SBG in My History Classroom Part 3: What I've Done the Past 3 Years

For the past three years, I’ve taught an 11th Grade US History class. At this point, it’s hard to separate when I started doing different things, so I’m just going to describe what i ended up with as a single product, even though it was developed over time.

One of my goals in assessing based on standards was to simplify things for the sake of both myself and my students. In the end, I used SBG only for writing, because as I taught 350 different terms throughout the year, I knew it would be impossible to keep track of all the content. I wrote the standards based on the rubrics from the wonderful New York Performance Standards Consortium, of which my school was briefly a member three years ago. These rubrics represent college-ready performance. This fall, I led an effort to create a common analytical writing rubric that could be used both to measure student’s college-readiness, and also their performance on the writing portions of the NY Regents Exams for History and English, which was largely based on the Consortium rubrics. The writing standards I ended up with were:

Thesis

  • Thesis is convincing, thoughtful, relevant, & precise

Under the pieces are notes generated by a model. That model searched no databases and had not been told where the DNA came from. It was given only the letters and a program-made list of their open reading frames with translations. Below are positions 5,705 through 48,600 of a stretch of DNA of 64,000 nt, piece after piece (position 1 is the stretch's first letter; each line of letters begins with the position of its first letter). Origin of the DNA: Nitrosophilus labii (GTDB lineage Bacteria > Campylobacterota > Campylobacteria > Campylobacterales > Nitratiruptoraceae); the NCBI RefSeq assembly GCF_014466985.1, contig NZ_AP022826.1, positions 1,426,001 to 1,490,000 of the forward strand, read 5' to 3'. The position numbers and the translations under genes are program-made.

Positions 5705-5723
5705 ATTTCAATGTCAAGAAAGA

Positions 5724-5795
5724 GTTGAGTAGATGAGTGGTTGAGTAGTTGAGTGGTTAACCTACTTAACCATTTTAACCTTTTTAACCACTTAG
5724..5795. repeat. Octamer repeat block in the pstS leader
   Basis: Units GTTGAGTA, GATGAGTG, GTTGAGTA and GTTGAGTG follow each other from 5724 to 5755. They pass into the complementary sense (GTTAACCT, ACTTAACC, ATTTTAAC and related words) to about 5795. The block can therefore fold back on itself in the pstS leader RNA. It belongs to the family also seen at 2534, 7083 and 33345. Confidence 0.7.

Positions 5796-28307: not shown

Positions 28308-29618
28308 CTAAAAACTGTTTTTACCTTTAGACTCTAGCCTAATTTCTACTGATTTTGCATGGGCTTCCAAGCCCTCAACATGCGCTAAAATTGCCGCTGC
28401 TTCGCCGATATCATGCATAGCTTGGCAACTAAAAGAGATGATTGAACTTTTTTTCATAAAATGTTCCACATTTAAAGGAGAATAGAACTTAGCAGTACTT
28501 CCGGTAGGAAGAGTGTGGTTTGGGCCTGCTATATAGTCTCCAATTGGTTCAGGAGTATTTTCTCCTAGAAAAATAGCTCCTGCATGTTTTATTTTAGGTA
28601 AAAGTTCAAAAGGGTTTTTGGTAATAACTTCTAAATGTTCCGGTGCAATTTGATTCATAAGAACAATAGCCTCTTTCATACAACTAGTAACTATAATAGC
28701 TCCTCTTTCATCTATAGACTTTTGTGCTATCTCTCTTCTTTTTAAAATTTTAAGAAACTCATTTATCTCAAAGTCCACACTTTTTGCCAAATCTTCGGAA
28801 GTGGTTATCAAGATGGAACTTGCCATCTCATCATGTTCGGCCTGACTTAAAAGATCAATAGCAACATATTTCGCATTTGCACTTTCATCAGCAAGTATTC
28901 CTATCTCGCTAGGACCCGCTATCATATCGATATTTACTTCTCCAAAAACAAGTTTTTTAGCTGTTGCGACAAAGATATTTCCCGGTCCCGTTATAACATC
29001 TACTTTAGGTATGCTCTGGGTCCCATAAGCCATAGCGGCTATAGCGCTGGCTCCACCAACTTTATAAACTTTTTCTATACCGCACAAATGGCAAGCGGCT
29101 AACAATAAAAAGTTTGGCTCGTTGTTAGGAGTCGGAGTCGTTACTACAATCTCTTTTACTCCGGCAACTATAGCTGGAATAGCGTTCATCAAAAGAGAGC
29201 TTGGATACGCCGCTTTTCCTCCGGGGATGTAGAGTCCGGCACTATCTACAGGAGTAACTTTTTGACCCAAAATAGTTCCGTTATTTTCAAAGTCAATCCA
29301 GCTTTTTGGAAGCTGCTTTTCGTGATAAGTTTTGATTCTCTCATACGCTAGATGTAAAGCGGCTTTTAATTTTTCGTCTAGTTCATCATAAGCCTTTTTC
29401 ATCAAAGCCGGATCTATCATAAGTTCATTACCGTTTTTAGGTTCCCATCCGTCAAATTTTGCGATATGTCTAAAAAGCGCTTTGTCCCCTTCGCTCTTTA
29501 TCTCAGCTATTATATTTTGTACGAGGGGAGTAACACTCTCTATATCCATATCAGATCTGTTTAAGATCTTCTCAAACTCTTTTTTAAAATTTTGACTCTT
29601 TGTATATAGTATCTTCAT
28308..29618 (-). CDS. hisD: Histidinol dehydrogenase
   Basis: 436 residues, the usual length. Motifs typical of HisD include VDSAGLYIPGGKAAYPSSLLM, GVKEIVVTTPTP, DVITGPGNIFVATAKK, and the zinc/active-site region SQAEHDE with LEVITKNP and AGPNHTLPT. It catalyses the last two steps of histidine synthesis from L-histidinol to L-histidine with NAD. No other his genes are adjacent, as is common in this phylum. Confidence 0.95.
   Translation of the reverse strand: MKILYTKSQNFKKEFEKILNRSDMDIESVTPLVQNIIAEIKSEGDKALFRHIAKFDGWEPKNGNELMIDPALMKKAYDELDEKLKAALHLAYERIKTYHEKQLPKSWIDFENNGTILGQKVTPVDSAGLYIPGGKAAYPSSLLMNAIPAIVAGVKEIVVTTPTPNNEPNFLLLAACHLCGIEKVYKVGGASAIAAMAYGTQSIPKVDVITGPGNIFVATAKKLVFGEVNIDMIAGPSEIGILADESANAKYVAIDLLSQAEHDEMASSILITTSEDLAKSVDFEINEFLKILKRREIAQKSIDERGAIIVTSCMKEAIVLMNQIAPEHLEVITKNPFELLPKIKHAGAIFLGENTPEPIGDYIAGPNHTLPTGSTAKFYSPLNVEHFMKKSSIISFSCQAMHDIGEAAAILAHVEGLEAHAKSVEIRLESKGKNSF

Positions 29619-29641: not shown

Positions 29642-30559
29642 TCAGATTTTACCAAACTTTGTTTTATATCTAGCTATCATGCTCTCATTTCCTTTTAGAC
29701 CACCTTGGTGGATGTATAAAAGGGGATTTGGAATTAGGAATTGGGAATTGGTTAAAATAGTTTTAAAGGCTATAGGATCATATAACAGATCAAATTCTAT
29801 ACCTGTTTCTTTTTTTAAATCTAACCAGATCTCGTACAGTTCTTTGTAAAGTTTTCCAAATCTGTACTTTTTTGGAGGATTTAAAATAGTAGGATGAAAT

• Thesis is developed thoughtfully, logically & persuasively throughout the piece

Analysis & Evidence

  • The work use a variety of convincing evidence to support their thesis
  • The work uses analysis to demonstrate how evidence supports the thesis

Organization

  • The work has a clear introduction presenting the thesis in a highly engaging, compelling manner
  • Each paragraph presents an argument clearly and supports an overall structure
  • Consistent, effective transitions develop ideas and arguments logically & build to compelling, persuasive conclusion.

Style

  • The work consistently and beautifully applies a format and diction that is appropriate to purpose, audience and context
  • The work uses varied sentence length and structure to enhance meaning

Conventions

  • Mechanical and grammatical errors are non-existent
  • Follows MLA conventions for quotations and citations flawlessly

Focusing on these few standards gave me a system where I could easily track students work overtime and communicate that clearly to students and parents. It also allowed me to pinpoint where students’ writing needed improvement.
There was a lot missing, though. While it would never make sense to use that state history standards that go into every little piece of content, it would make sense to develop standards for each of the core understandings in each of my units. I also needed to add some standards that correspond to the Habits of Mind necessary to think like a historian.

Advertisements